Coca-Cola to acquire Costa Coffee for €4.3bn

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Coca-Cola to acquire Costa Coffee for €4.3bn

Coca-Cola describes Costa as a "scalable coffee platform", saying it has bought the business for its critical know-how and expertise in a fast-growing, on-trend category.

The board of British multinational Whitbread have unanimously agreed to a £3.9bn takeover of its Costa Coffee subsidiary by Coca-Cola, as it prioritises growth at its Premier Inn brand in the United Kingdom and Germany. The company's long-term targets also remain unchanged. Coca-Cola's other investments in recent years have included milk that is strained to have more protein and a push into sparkling water.

Earlier in August, for example, Pepsi paid R47 billion to buy SodaStream, which allows consumers to make their own carbonated beverages at home. And with the Costa deal, Quincey took a bolder step, paying up to give the soda giant a firm foothold in the coffee market.

Coke is under pressure to establish itself in new markets, with annual sales that have been in decline since 2012. JAB, the holding company that owns Peet's Coffee, bought United Kingdom sandwich and coffee chain Pret A Manger in May. It is second most popular in the Chinese market with over 400 coffee shops around the most populous country in the world. That lack of a presence, however, is exactly why Coca-Cola says it wants to buy Costa. In addition to its shops, Costa has self-serve coffee machines in grocery stores and gas stations.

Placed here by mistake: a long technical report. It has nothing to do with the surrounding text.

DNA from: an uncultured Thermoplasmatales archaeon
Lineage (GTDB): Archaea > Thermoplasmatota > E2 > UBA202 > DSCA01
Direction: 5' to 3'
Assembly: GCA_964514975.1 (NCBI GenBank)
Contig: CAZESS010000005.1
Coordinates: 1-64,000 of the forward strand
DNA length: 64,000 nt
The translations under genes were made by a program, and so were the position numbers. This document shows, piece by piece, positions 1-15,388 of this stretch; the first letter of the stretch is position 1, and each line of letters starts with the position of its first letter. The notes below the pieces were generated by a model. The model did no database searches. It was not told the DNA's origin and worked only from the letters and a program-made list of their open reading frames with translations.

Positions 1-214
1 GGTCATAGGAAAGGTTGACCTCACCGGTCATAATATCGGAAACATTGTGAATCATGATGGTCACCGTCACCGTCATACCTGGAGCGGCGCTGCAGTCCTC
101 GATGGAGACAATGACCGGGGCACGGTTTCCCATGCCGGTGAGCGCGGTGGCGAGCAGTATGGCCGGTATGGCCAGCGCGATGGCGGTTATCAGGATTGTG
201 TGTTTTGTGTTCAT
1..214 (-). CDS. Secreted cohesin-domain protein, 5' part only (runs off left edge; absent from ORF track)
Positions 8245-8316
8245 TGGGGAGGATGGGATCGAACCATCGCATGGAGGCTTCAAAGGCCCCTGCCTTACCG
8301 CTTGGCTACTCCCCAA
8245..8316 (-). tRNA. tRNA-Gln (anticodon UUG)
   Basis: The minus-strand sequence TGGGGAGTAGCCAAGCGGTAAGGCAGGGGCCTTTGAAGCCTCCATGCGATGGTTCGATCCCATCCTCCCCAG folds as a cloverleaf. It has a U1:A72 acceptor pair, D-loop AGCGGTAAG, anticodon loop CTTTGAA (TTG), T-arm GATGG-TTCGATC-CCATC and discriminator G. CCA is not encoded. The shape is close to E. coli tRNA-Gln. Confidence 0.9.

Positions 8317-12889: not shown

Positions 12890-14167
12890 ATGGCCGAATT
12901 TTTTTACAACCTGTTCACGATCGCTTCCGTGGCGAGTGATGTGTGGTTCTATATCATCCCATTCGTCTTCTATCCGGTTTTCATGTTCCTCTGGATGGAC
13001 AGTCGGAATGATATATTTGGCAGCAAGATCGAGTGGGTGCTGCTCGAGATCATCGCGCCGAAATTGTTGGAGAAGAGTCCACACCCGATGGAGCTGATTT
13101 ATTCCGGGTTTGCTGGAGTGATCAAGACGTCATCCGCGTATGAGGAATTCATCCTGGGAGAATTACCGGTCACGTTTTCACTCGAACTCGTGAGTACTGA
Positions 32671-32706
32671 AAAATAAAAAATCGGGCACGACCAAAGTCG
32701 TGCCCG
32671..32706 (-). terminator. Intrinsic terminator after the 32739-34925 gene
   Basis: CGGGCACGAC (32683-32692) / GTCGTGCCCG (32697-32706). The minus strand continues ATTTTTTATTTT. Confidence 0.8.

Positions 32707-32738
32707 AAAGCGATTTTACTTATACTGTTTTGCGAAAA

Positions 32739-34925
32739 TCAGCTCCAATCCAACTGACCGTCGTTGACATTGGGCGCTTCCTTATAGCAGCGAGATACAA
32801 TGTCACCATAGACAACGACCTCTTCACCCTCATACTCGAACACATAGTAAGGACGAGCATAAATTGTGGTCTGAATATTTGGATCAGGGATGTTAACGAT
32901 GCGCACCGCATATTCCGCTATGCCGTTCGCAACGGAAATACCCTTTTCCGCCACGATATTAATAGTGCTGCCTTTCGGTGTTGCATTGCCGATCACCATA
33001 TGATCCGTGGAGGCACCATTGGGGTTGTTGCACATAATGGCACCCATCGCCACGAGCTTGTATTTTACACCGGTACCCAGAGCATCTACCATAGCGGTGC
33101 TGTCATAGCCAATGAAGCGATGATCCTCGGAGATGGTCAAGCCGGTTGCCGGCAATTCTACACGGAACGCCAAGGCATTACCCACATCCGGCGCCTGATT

Costa is owned by Whitbread, the British multinational hospitality company.

Analysts cited industry rivals, including Intercontinental Hotels Group, Marriott and Accor, as potential suitors, while some suggested that Premier Inn's £5.4 billion of assets could interest property investors such as Blackstone Group. In 2017, it generated operating income of $9.7 billion on revenues of $35.4 billion.

Whitbread acquired Costa in 1995 for £19m when it had 39 shops.

Shares of Whitbread jumped by 655p, or 16.3 per cent, to £46.75 after the surprise news that the 276-year-old company had torn up its plans to demerge Costa as a separately listed business and had agreed to sell the chain to Coca-Cola.

Costa's sale to Coca-Cola is likely to be seen as a direct challenge to the dominance of Starbucks in the US.

Coca-Cola's first overture came in June, Whitbread CEO Alison Brittain said on a call with journalists.

The company said net cash proceeds from the transaction are expected to be around £3.8 billion (Rs 35,100 crore), after deducting estimated transaction costs and separation costs.

She said the money from the sale would be used to expand the Premier Inn chain, return some cash to shareholders, pay down debt and boost the pension fund.

While Costa is "ubiquitous in the United Kingdom, the business has "plenty of opportunity to expand internationally, as Whitbread had been doing" says Patrick Mitchell-Fox, senior business analyst at IGD".

Coca-Cola shares were slightly down Friday in mid-morning trading.

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